General Electric chairman and CEO John Flannery told analysts during a special call today that he and other top GE executives need to consider the possibility of breaking up the company.
On the heels of what he called a “substantial amount of work” analyzing GE’s portfolio of businesses and corporate structure since November, Flannery said “there could be different structures” that could help the company’s business units flourish, improve its “operating rigor,” and maximize shareholder value.
Such a widespread examination of the company’s structure “could result in many, many different permutations, including separately traded assets … in any one of our units, if that’s what made sense,” he said in answer to an analyst’s question.
Flannery gave GE’s previous separations from Synchrony and Baker Hughes as two examples of how such changes might work. Seeking to shrink the size of its financial services operations for years, GE in 2015 split off Synchrony Financial, then considered the largest provider of private label credit cards, in a deal the company described as the equivalent of a $20.4 billion GE share buyback.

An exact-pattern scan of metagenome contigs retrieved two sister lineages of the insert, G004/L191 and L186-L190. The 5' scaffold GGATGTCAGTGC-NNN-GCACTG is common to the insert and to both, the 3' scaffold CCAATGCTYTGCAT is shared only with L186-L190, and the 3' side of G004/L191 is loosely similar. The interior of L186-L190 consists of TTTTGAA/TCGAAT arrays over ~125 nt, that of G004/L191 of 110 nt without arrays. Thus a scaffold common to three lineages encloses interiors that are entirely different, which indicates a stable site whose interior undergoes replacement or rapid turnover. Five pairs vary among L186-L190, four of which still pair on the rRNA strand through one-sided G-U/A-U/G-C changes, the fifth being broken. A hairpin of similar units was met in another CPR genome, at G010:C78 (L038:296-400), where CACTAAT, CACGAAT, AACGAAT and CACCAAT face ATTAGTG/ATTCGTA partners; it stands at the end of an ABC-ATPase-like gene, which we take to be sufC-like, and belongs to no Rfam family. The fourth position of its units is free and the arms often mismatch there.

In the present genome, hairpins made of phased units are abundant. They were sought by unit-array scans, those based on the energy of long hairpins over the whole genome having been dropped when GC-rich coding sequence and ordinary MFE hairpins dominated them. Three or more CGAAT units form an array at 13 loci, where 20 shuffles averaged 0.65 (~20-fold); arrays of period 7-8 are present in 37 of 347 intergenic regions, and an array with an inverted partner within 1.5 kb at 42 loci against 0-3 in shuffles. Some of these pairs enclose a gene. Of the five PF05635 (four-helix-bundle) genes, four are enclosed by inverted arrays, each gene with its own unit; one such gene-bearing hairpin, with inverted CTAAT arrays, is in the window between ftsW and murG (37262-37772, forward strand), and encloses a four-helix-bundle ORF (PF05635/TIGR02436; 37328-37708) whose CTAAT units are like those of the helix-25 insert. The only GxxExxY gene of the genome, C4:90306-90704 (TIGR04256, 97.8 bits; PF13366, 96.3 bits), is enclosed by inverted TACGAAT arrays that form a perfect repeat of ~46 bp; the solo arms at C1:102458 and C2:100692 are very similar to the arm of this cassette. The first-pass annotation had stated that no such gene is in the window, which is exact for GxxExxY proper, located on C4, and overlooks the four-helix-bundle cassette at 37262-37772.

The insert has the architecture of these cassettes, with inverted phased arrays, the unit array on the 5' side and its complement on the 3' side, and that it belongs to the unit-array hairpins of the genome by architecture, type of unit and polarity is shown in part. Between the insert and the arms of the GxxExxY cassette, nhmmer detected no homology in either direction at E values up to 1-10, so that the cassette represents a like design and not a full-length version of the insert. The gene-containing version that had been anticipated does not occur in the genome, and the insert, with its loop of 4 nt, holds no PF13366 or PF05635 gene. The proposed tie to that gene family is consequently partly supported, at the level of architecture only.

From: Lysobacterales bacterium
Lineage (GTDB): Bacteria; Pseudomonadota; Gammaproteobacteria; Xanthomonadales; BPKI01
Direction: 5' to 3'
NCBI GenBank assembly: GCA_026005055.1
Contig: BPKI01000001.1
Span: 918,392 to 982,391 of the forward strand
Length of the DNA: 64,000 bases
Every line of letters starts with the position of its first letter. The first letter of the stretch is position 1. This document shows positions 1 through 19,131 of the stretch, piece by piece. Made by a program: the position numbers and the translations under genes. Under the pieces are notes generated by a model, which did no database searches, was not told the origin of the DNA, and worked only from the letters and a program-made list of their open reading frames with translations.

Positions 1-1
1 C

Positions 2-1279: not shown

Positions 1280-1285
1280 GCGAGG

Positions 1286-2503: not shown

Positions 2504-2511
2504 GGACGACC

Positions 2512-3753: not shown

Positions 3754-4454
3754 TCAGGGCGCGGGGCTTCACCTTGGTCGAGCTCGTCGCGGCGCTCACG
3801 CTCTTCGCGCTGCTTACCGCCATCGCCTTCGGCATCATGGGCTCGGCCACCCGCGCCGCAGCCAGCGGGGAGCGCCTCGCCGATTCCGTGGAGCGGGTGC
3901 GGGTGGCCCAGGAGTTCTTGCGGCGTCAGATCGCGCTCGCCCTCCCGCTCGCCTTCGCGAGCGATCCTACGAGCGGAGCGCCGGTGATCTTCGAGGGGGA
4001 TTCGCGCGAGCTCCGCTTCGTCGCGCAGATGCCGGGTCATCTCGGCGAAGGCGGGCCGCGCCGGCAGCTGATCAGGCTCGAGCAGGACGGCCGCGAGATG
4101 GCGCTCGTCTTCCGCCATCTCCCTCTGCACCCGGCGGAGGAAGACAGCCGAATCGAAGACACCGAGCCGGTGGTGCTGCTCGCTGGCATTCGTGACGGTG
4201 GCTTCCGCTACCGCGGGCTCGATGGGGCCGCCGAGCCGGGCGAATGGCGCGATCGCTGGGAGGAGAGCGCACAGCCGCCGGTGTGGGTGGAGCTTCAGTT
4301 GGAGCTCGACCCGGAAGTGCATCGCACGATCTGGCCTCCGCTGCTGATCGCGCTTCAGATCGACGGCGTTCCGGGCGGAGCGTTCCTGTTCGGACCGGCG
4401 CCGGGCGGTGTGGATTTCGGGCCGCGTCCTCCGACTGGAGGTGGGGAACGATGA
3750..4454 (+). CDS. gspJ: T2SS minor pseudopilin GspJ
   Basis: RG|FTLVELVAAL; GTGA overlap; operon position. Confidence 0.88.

In the case of Baker Hughes, in 2017 GE combined the oilfield services company, in which it owned a majority share, with GE’s oil and gas business. GE owns a majority share of the new publicly traded company.
Flannery said that such transactions are “something we’d consider for other parts of the company. Whether that’s Power, Aviation or Healthcare, we’re going to have to go through all of those exercises.”
Since he became CEO last December, Flannery has said he plans to refocus the company on those three “core assets” — power, aviation, and health care. Thus, a GE breakup may well be on the table at some unspecified time in the future.
The purpose of the call was to announce a $6.2 billion, fourth-quarter 2017 charge stemming from huge prior-year losses sustained by its North American Life & Health reinsurance portfolio. GE reported that GE Capital, its ailing financial services unit, expects to contribute $15 billion to its reserves over seven years.